The incomplete understanding of human brains and how to endow computers with common sense are among AI’s most enduring challenges. New research from DeepMind London, Imperial College London and the University of Cambridge argues that common sense in humans is founded on a set of basic capacities that are also possessed by many other animals, and that animal cognition can therefore serve as inspiration for many AI tasks and curricula.
In a paper published in Trends in Cognitive Sciences journal this month, the researchers identify just how much AI research might benefit from the field of animal cognition.
There is no universally accepted definition of “common sense.” While much research has used language as a touchstone, the new paper temporarily sets language aside to focus on other common sense capacities found in non-human animals. …
Historians and nostalgic residents alike take an interest in how cities were constructed and how they developed — and now there’s a tool for that. Google AI recently launched the open-source browser-based toolset “rǝ,” which was created to enable the exploration of city transitions from 1800 to 2000 virtually in a three-dimensional view.
Google AI says the name rǝ is pronounced as “re-turn” and derives its meaning from “reconstruction, research, recreation and remembering.” This scalable system runs on Google Cloud and Kubernetes and reconstructs cities from historical maps and photos.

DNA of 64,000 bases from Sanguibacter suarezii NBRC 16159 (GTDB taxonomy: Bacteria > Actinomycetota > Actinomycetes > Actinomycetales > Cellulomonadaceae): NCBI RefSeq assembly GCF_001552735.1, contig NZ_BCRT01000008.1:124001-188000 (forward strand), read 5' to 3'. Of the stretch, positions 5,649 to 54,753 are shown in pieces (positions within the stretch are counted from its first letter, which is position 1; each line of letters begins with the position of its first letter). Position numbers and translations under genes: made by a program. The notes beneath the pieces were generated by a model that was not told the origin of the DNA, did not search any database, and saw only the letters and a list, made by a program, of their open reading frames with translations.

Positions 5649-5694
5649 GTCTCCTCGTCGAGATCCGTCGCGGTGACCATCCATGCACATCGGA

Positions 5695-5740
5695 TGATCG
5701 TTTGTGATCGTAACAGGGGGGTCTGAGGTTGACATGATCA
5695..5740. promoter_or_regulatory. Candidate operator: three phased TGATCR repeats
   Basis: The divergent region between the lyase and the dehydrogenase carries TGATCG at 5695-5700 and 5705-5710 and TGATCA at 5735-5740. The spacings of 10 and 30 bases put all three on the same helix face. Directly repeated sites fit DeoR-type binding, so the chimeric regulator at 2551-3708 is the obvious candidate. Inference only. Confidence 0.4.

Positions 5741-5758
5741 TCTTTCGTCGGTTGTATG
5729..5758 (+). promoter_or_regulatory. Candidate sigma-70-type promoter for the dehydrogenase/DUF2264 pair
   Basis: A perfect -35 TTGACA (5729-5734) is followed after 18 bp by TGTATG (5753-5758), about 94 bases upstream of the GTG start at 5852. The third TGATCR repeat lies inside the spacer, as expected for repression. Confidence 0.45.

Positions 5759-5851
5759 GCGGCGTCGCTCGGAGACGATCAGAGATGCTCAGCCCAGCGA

There are three main components to the toolset.
Warper is a crowdsourcing platform,where users can upload photos of historical print maps and georectify them to match real world coordinates. These can then be converted to an OpenStreetMap (OSM) vector format with an Editor app. …
Modern AI has produced models that exceed human performance across countless tasks. Now, an international research team is suggesting AI might become even more efficient and reliable if it learns to think more like worms.
In a paper recently published in Nature Machine Intelligence journal, the team from MIT CSAIL, TU Wien in Vienna, and IST Austria proposes an AI system that mimics biological models. The system was developed based on the brains of tiny animals such as threadworms and is able to control a vehicle using just a small number of artificial neurons.
Modern AI has produced models that exceed human performance across countless tasks. Now, an international research team is suggesting AI might become even more efficient and reliable if it learns to think more like worms. …